Well, since it is a free country I'll go ahead and say that I disagree with your disagreement. You are painting with a very broad brush when you say that Chick-Fil-A is a "bigoted, hated-filled corporation." I read an article that profiled more than a few of Chick-Fil-A's gay employees and the awkwardness of their situation. They get lambasted by ignorant gays and gay-rights supporters who see them wearing the company uniform and then win praise from gay-phobic customers who assume that all employees share the beliefs of the owner. And seriously, are you surprised that a devout Christian who was raised the way he was woud say that marriage should be between and man and a woman? It would be like asking you if gays should be allowed to marry? What other answer would we expect from you but yes? If management's position was that it would not knowingly hire gay people, then I think this boycott would have merit. Page's point that everyone is entitled to his/her opinion seems to have been trampled in the stampede of self-righteousness. The world is not binomial and those who see life as an either/or proposition are missing the subtle shades that make life so interesting. Page's continued patronization of Chick-Fil-A is not an endorsement of the views of the owner. It is, rather, the end result of her desire for a tasty milkshake. And for you to portray the entire company as bigoted and hate-filled makes you, in my opinion, more narrow-minded than Dan Cathy.

Shawn G.

Well said, Page! My thoughts are right in line with yours and most rational people. 

As with most every made up controversy, this Chick-fil-A one demonstrates the degree of unawareness people on both sides of it possess. 

Who cares? If those who now - poorly, albeit - chime in about why they will drive to Chick-fil-A, immediately, and shove food down their throats to prove the point that they support a person or an organization's opposition to something that, without the ability to read the signposts, is inevitable, well, then, that shows one type of ignorance. 

If you're screaming at the top of the mountain about how much you loved your Chick-fil-A Spicy Chicken Sandwich Delux and Waffle Potato Fries, but you will never dip another Chicken Nugget into that dreamy Sweet & Smokey Dipping Sauce because someone expressed an opinion you disagree with, well then you're just out a good lunch and are demonstrating another type of ignorance.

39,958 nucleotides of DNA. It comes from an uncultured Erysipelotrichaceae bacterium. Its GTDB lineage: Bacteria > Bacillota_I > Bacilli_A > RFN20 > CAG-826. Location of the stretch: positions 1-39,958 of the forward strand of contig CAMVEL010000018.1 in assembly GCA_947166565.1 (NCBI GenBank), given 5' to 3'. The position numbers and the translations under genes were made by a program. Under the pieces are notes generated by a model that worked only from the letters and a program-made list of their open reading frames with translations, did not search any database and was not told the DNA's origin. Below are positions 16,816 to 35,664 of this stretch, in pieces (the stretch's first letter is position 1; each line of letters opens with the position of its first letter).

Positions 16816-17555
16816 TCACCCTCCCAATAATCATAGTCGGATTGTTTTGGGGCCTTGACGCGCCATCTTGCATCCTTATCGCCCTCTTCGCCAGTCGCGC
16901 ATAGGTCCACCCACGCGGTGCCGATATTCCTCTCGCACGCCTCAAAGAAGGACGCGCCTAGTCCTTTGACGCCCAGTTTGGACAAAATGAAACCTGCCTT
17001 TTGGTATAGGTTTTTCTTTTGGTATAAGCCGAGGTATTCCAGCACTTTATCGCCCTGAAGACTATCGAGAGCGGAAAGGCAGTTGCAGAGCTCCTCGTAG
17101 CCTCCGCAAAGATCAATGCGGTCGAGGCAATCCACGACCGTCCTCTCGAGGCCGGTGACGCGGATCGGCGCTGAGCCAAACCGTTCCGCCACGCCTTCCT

For me, I'm pretty comfortable to go and order a meal with my husband at the closest Chick-fil-A, sit in the damn middle of the restaurant, eat maybe two sandwiches - because they're that good - and high-five my husband right after I kiss him. What can I say? I like the food.

And let's face it, I'm pretty convinced that these loud, "you-go-Cathy-we-agree-with-you-on-your-anti-gay-marriage-stance" folks patron far more brands and companies who do support gay rights than who don't. In fact, they'd probably shit their shorts if they knew that Apple, Ford, Levi, Microsoft, Nike, JC Penny's, General Motors, Sears, American, Delta, Google, Southwest, United, Coca-Cola, Boeing, Walt Disney, Hilton, Pepsi, Marriott, Starbucks, Budweiser, McDonald's, Proctor & Gamble, and so many more are champions of equality. Or maybe they wouldn't, but who cares? 

The chief spokesman for Chick-fil-A just died after a 29-year career with the company. He had a heart attack. Whether that heart attack was linked to the comments - and then the eventual clarifications - of the company's president, or to the fallout from the "now-I-can-say-I'm-active-in-some-cause" people on either side who have chosen to ignore the real problems in the world, in lieu of a chicken sandwich, will never be known. But dear Lord folks, chill, and enjoy a hand-spun shake.

And you got to respect - and take TOTALLY legitimately - "anonymous" comments. If you want to be taken seriously, leave your name. If not, pipe down, adults are trying to have a conversation. 

Anonymous

Did Chick-fil-A discriminate against anyone? Have they acted in a hateful way towards anyone? All of the screaming and mean words are coming from the same sex marriage supporters, not Chick-fil-A or their employees. It's been embarrassing the way some supporters have been acting. Ms. Evans is right in saying that EVERYONE has a right to their opinion, even if it's not politically correct, freedom of choice and TOLERANCE works both ways.